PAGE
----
Potentiation of the antitumor activity of adriamycin against osteosarcoma by cannabinoid WIN-55,212-2

  • Authors:
    • Feng Niu
    • Song Zhao
    • Chang‑Yan Xu
    • Hui Sha
    • Gui‑Bin Bi
    • Lin Chen
    • Long Ye
    • Ping Gong
    • Tian‑Hong Nie
  • View Affiliations

  • Published online on: July 23, 2015     https://doi.org/10.3892/ol.2015.3525
  • Pages: 2415-2421
Metrics: HTML 0 views | PDF 0 views     Cited By (CrossRef): 0 citations

Abstract

Osteosarcoma is the most frequent primary malignant bone tumor that occurs in children and adolescents. The present study aimed to identify novel therapeutic strategies for osteosarcoma, by assessing the antitumor activity of the cannabinoid WIN‑55,212‑2 and its combined effect with adriamycin (ADM) against the MG‑63 human osteosarcoma cell line. To evaluate the antiproliferative action of these molecules, a Cell Counting kit‑8 (CCK‑8) assay was used. The ability of cannabinoid to inhibit the migration, invasion and angiogenic activity of MG‑63 cells were assessed by scratch, Transwell® chamber and angiogenesis assays, respectively, in vitro. To examine the alterations in expression of targeted genes, quantitative polymerase chain reaction and western blot analysis were used. The administration of cannabinoid combined with ADM was demonstrated to inhibit the growth of MG‑63 cells, resulting in a cell viability of 32.12±3.13%, which was significantly lower (P<0.05) compared with the cell viability following treatment with cannabinoid (70.86±7.55%) and ADM (62.87±5.98%) alone. Greater antimetastasis and antiangiogenic activities were also observed following the coadministration of the two agents compared with individual treatments and controls. In addition, the expression levels of Notch‑1, matrix metalloproteinase‑2 (MMP‑2) and vascular endothelial growth factor (VEGF) in MG‑63 cells were downregulated following the treatments with cannabinoid alone or in combination with ADM. In conclusion, the present findings demonstrated that cannabinoid WIN‑55,212‑2 may significantly potentiate the antiproliferative, antimetastasis and antiangiogenic effects of ADM against MG‑63 cells via the downregulation of Notch‑1, MMP‑2 and VEGF. These findings may offer a novel strategy for the treatment of osteosarcoma.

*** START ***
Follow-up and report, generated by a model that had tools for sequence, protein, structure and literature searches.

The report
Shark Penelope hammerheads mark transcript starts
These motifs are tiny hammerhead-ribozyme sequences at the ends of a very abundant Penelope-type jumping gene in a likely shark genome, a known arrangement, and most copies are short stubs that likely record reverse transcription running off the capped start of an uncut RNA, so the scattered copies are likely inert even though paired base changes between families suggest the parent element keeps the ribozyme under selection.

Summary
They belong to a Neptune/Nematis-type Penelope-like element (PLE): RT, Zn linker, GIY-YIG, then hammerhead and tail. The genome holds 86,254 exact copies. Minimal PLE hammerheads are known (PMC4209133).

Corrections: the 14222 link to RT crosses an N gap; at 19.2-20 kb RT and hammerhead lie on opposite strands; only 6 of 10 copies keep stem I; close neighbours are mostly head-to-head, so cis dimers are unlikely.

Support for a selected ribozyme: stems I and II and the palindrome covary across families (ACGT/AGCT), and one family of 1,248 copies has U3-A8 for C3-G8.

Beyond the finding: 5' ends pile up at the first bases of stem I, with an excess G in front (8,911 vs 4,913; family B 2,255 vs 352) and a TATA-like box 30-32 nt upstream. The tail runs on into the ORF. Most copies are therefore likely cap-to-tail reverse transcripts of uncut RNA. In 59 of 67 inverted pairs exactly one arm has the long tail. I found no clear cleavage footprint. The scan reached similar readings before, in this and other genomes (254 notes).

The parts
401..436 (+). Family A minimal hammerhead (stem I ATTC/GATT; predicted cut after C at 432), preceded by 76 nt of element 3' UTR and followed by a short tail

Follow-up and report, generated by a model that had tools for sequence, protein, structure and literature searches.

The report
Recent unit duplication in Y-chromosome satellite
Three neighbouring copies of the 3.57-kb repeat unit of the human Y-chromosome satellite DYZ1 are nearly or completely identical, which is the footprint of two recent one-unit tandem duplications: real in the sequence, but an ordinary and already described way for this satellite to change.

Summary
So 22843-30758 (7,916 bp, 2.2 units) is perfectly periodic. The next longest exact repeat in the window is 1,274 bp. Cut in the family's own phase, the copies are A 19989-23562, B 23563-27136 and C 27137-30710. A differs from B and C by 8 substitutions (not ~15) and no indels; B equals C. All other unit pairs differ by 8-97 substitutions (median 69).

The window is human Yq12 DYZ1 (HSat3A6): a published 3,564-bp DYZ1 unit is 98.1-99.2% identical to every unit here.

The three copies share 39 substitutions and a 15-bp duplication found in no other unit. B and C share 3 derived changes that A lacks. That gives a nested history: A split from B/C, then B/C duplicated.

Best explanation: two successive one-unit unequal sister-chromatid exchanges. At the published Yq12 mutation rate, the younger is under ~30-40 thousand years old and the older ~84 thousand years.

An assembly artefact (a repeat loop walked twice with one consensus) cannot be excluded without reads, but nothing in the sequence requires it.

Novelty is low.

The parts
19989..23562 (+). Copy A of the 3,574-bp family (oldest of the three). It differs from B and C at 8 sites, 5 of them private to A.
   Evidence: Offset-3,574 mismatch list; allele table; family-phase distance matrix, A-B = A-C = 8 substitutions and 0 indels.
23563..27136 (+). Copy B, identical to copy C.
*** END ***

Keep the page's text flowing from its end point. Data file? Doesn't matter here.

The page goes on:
Introduction

Osteosarcoma is a bone malignancy that predominantly affects children and adolescents, and exhibits high invasion and metastasis rates. It has been reported that the five-year survival rate of patients who suffer from this disease remains at only 20% due to a high rate of systemic spread at the early phase and the strong chemotherapy resistance of osteosarcoma (1). Although adriamycin (ADM) is an effective benchmark agent for the management of osteosarcoma, it also results in harmful side-effects including toxicity and chemoresistance that substantially affect the quality of life of patients (24). Therefore, novel therapeutic approaches and drugs must be sought for the treatment of osteosarcoma.

Natural products which have potential antitumor activities have become a focus of attention for study in previous years (5,6). Cannabinoids, the active components naturally derived from the marijuana plant Cannabis sativa L., have been reported as potential antitumor drugs based on their ability to limit inflammation, cell proliferation and cell survival (7). To date, several cannabinoids have been identified and characterized, including Δ(9)-tetrahydrocannabinol (THC), cannabidiol, cannabinol (CBN) and anandamide, as well as synthetic cannabinoids, including WIN-55,212-2, JWH-133 and (R)-methanandamide (7). In the early 1970s, THC and CBN were shown to inhibit tumor growth in Lewis lung carcinoma (8). Subsequently, cannabinoids were found to induce apoptosis and inhibit the proliferation of various cancer cells, including those of glioma (9) and lymphoma (10), and prostate (1113), breast (14), skin (15) and pancreatic cancer (13,16).